Don’t give up.
Release is reward.
The lifelong horse journey is hard. Our egos get in the way and gosh sometimes we just wanna give up.
I’ve spent hours trying to catch one horse. I’ve spent hours trying to cross one stupid ditch/creek/pole or whatever task or purpose may be at hand.
Many people I work with get discouraged because a trainer can do things faster then they can. A trainer can do it faster simply because they have put the time in. It’s not magic, it’s time spent working through the struggles and ups and downs.
I can often do something in 5 minutes now, because I spent days crying, really mad, and so frustrated working through a tough spot in a horse and have and still do feel the way you feel right now. Horses are extremely humbling and challenge us to grow and learn in new ways every day.
When you give up mid task/maneuver/peoject, when you back the pressure off when no traction is being made because you’re frustrated, you rewarded your horse for the behavior they are offering. Most of the time you rewarded them for the exact behavior you are so frustrated with.
In the next moment you ask your horse for the same maneuver or behavior, it will probably take even longer now and be more frustrating. Why is that? All because you released on a ‘I’m giving up moment’ because of your own distraction/frustration with the situation, instead of hanging in there to receive what you’d like the horse to really be doing instead.
Here’s an example:
Your horse is spooking and will not turn left. You pull on the left rein to try to turn left and mid way though you give up and switch to pull on the right rein and turn right instead. You chose to turn right instead because it feels easier and less confrontational. It feels this way because that’s the way your horse is dragging you, spooking to get away from whatever is happening on the left.
What you taught and communicated to your horse is; if I pull on the left rein just ignore me and take me the opposite direction and keep pulling on me until I give up or allow you to change my focus or plan.
Here’s another example, trailering. A horse that doesn’t want to load in the trailer and is backing away, and you quit asking the horse to come forward and give them a break instead when they have left the trailer.
What you’re reinforcing and teaching is leaving the trailer is safer, it is safer to to rely on their own prey animal instincts alone than it is to look to you for safety and answers. You are teaching your horse there is no reason to believe and trust in your leadership, because you also don’t believe and trust yourself enough to follow through and keep the pressure on until your horse can offer you the correct answer you are seeking. If you can’t trust your own leadership and hang in there why should your horse trust you either?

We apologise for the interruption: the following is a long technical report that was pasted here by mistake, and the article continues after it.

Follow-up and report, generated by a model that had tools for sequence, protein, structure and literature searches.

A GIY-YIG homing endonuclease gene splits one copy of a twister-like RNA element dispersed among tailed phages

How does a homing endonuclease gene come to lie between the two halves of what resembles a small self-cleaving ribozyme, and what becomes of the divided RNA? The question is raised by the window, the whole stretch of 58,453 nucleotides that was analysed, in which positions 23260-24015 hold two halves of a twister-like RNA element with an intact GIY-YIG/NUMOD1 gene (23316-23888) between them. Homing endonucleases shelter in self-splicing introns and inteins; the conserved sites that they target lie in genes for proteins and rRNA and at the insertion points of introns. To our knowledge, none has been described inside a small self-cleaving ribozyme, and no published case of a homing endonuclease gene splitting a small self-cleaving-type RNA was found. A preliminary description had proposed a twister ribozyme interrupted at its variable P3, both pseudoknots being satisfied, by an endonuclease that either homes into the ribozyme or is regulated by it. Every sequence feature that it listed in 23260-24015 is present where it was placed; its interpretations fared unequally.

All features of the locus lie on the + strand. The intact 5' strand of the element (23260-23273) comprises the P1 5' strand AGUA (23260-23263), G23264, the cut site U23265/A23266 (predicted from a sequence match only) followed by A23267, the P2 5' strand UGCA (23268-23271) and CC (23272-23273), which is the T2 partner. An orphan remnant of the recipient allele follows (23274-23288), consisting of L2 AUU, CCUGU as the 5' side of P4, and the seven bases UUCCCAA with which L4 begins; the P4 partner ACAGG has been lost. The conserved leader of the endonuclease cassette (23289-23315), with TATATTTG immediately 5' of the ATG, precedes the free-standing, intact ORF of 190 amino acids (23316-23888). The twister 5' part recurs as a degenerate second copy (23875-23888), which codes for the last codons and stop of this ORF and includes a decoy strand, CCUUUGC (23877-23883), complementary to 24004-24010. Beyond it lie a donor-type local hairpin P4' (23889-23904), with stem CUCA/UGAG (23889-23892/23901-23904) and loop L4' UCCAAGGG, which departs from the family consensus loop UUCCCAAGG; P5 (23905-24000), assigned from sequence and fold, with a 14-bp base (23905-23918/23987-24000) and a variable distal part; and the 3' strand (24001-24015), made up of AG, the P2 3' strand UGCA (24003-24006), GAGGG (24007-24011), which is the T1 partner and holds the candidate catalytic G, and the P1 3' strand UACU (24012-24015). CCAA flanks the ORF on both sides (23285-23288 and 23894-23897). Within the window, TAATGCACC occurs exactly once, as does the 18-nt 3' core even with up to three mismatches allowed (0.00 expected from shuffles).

Horses learn from the application and release of pressure. If you’ve softened in the wrong place 20 times you are now going to have to convince you horse that the thing you reinforced was right all those times is actually a lie, the wrong answer. It’s no wonder why you can create more of a battle with your horse when the dynamic of communication and learning is working this way. Try to hang in and wait longer while working through problems for the correct answer you are looking for the first time, and each time and try after that.
The key lesson here is horses take timing, patience, and experience. Try to let go as much of your own ego as possible and work through the problem with the end goal in mind even when it gets frustrating. It’s okay to make mistakes as you’re learning better timing. Keep your attitude and determination in check and keep going until you get what you asked for. Don’t allow frustration to defeat you. Remember you can take as long of a break as you need in the moment that your horse has found that answer you wished for them to seek. It’s ok to end on that note for the day even.